Open Door Brew Co., formerly of Lafayette, is debuting new digs in Prospect Park. And Niwot’s Bootstrap Brewing Company is cutting the ribbon on a new production facility and bar in the former Times-Call warehouse on Pratt Street.

“I’ve lived in every ‘L’ town from Loveland to Littleton, and Longmont was on my list,” joked Billy McDivitt, co-owner and “chief reality office” of Open Door, which has brewing operations in Denver but maintains “corporate headquarters” out of McDivitt’s Lafayette home.

It was Amy Lane, of Basis Architecture and Design, who brought Open Door to Longmont. She approached the brewery’s owners during an event in Prospect Park, thinking they would be a good fit for the building under construction at 2030 Ionosphere St.

The rooftop patio won over McDivitt and his business partner and cousin, Andy Riedel. (Riedel’s title, in case you were wondering, is “chief dreams officer.”) Riedel gave Open Door its name when he began homebrewing in his college apartment.

 “It would get hot and steamy so we’d open the door and our neighbors would smell what we were doing and come by,” Riedel said. “That’s how I got started sharing my beer. The name became representative of what beer should be about: opening your door and sharing it.”

Accessibility is also the theme Open Door’s beers will follow — easy drinkin’, as Riedel calls it.

What’s not so easy is staying competitive in a crowded market. The number of craft breweries reached new heights in 2016, with more than 5,000 nationwide and 264 in Colorado, according to the Boulder-based Brewers Association.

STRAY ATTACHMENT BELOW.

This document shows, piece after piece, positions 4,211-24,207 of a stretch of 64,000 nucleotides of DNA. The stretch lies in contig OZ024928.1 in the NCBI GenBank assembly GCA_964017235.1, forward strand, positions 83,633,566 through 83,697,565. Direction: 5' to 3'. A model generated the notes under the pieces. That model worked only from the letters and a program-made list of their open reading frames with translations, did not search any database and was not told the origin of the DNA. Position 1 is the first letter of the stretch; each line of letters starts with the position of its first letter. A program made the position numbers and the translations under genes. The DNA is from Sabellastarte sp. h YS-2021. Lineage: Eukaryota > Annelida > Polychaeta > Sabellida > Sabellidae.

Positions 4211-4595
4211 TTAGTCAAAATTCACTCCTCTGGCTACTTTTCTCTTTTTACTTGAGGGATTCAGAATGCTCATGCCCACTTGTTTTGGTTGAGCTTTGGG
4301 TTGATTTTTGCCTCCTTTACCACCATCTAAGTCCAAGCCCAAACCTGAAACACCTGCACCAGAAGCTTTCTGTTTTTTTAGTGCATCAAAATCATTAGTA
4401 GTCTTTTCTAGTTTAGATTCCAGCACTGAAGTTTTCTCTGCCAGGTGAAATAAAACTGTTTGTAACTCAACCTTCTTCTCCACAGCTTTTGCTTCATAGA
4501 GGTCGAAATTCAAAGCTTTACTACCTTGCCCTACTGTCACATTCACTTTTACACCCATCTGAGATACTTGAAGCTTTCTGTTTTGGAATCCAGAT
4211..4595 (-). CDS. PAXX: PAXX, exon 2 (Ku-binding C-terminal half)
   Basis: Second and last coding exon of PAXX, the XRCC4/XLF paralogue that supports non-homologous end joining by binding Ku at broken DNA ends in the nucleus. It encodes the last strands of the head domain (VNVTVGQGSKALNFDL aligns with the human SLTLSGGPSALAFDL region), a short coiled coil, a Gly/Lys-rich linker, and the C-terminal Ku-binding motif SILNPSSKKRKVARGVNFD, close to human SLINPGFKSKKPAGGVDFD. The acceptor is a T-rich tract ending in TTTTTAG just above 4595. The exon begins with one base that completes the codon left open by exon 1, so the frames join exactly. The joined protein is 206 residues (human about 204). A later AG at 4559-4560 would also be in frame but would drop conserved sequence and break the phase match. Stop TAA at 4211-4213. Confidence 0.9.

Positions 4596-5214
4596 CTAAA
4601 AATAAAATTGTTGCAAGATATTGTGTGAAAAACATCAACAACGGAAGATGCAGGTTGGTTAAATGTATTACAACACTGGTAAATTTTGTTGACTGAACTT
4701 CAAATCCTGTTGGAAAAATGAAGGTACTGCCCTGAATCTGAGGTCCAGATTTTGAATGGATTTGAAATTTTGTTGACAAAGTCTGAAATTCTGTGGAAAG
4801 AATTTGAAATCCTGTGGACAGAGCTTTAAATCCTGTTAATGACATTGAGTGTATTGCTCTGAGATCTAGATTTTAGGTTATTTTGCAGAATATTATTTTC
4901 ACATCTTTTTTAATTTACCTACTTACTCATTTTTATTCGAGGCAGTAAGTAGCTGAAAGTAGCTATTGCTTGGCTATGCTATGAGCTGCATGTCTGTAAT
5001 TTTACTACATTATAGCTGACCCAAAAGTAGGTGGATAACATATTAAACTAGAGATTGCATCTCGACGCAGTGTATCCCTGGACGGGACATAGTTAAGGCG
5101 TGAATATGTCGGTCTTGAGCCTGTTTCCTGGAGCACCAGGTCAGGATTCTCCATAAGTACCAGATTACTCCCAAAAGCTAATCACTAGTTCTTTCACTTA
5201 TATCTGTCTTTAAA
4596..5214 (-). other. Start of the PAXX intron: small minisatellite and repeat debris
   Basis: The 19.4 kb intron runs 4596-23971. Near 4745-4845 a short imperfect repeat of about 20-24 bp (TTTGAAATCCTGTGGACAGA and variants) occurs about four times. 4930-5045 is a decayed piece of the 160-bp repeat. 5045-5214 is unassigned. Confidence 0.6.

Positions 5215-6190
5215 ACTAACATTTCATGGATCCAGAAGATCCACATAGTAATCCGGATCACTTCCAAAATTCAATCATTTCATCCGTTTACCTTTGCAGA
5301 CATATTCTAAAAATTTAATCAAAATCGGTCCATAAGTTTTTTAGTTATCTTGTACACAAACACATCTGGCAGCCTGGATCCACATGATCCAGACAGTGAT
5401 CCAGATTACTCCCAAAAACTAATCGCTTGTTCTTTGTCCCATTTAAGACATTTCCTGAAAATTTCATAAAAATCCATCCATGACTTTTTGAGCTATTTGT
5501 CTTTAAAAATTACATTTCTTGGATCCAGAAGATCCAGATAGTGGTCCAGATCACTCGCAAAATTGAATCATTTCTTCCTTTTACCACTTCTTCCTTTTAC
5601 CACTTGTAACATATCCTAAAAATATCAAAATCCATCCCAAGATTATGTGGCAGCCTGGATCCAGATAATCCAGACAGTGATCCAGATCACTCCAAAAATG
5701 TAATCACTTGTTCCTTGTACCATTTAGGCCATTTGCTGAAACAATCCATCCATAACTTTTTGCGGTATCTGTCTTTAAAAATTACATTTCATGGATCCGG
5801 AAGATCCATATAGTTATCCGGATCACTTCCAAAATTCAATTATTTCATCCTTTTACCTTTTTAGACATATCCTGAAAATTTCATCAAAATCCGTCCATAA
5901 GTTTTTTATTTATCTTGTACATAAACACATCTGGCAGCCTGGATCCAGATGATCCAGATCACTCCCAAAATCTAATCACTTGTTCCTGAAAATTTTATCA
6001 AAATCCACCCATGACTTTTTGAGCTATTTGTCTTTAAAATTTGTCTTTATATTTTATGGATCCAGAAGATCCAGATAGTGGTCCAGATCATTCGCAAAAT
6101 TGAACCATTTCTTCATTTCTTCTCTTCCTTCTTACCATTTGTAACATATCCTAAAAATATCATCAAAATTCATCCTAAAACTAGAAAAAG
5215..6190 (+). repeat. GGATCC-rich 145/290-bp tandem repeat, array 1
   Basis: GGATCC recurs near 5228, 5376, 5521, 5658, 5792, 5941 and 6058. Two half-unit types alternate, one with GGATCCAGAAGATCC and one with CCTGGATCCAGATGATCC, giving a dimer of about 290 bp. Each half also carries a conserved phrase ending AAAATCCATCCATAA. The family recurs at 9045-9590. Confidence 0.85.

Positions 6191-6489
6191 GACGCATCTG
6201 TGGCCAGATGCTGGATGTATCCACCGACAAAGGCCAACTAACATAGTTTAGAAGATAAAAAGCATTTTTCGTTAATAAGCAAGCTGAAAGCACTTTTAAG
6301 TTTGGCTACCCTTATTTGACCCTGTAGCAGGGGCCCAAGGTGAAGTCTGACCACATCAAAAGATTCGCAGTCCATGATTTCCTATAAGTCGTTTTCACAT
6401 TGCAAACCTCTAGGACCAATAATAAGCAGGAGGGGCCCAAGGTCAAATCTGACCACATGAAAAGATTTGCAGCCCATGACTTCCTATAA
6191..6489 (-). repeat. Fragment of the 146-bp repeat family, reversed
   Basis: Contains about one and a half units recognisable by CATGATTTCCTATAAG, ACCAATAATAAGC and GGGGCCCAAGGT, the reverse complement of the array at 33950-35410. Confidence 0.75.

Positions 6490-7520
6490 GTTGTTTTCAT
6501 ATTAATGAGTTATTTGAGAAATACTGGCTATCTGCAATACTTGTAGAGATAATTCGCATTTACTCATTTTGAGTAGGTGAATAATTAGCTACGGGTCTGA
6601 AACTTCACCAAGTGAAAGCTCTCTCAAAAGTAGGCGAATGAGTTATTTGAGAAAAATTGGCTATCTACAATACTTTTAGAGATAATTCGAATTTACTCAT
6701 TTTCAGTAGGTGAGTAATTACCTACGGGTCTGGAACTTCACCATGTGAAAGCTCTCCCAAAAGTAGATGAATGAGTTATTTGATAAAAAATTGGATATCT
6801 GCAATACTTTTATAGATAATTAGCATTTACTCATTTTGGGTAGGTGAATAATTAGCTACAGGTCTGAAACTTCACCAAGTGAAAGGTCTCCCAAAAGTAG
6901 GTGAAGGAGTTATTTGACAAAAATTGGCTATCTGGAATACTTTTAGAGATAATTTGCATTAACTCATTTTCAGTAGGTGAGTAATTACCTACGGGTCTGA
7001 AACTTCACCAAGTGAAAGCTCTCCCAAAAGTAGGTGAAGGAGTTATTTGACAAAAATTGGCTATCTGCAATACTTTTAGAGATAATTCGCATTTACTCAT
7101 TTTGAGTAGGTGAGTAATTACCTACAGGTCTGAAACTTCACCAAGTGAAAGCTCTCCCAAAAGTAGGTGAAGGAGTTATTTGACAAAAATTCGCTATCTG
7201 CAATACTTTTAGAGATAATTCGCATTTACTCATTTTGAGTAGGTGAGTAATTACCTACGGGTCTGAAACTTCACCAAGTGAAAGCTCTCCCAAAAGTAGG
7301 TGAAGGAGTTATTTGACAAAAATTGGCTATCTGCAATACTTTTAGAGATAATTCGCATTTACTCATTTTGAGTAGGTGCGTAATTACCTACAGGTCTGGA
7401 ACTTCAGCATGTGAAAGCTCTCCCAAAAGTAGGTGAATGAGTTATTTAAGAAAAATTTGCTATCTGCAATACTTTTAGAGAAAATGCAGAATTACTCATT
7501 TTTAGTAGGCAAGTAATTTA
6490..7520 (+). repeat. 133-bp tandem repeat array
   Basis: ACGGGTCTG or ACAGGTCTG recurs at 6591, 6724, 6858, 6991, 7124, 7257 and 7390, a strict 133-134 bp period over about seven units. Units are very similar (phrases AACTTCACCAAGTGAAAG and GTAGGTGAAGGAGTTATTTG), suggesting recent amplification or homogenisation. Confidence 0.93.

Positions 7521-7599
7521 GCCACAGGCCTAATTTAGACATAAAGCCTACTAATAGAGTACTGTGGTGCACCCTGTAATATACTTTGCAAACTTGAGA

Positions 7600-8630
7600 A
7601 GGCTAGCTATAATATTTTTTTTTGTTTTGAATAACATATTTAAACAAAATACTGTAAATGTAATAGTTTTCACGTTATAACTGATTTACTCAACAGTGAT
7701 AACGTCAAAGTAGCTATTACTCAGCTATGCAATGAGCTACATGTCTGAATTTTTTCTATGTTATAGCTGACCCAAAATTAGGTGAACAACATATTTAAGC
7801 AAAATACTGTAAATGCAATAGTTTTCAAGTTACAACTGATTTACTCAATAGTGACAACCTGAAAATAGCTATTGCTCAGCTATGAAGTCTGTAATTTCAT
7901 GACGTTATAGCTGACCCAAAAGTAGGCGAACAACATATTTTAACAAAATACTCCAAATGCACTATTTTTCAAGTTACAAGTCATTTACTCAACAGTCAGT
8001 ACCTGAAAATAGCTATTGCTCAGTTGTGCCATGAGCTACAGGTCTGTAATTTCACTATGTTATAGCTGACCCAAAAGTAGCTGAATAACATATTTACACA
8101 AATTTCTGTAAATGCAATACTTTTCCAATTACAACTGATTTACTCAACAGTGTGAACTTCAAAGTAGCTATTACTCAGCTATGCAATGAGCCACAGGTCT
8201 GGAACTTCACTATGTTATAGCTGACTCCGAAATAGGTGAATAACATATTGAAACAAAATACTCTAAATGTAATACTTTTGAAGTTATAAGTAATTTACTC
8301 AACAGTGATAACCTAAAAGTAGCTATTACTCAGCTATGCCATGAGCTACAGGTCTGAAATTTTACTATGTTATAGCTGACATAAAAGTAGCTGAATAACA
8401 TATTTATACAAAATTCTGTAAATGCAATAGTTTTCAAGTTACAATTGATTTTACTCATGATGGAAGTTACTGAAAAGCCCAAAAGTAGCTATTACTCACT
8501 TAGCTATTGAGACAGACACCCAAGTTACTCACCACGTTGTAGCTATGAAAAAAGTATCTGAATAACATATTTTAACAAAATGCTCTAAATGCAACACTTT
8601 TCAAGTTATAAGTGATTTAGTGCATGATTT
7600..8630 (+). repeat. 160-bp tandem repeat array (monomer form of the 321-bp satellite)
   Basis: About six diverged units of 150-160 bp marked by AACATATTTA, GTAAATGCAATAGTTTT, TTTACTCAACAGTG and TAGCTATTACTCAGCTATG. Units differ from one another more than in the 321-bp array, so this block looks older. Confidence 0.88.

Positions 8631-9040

But the incredible growth that most of the country’s small and independent brewers have been experiencing in recent years is slowing. The growth rate was 8 percent as of mid-2016 — the first time in a decade it didn’t reach double digits.

Those numbers don’t worry Leslie Kaczeus, of Bootstrap Brewing. Up and running for five years, the Niwot operation is going so strong that it needed the Longmont expansion to keep with demand.

“We’re selling everything we can make as fast as we can make it,” Kaczeus said. “We can’t make enough beer right now.”

Andrew Fowler, left, and Anthony Bozanic enjoy a fresh beer at the new Open Door Brewing Co. taproom on Tuesday in Longmont.

Andrew Fowler, left, and Anthony Bozanic enjoy a fresh beer at the new Open Door Brewing Co. taproom on Tuesday in Longmont. (Jeremy Papasso / Staff Photographer)

Bootstrap last year brewed 2,100 barrels, distributing it along the Front Range from Castle Rock to Fort Collins. The Longmont facility has a capacity for up to 25,000 barrels, but Kaczeus said she and her business partner and husband, Steve, won’t be at that volume for a while.

“We’re going to grow only as it makes sense. We’re still bootstrappin’ it.”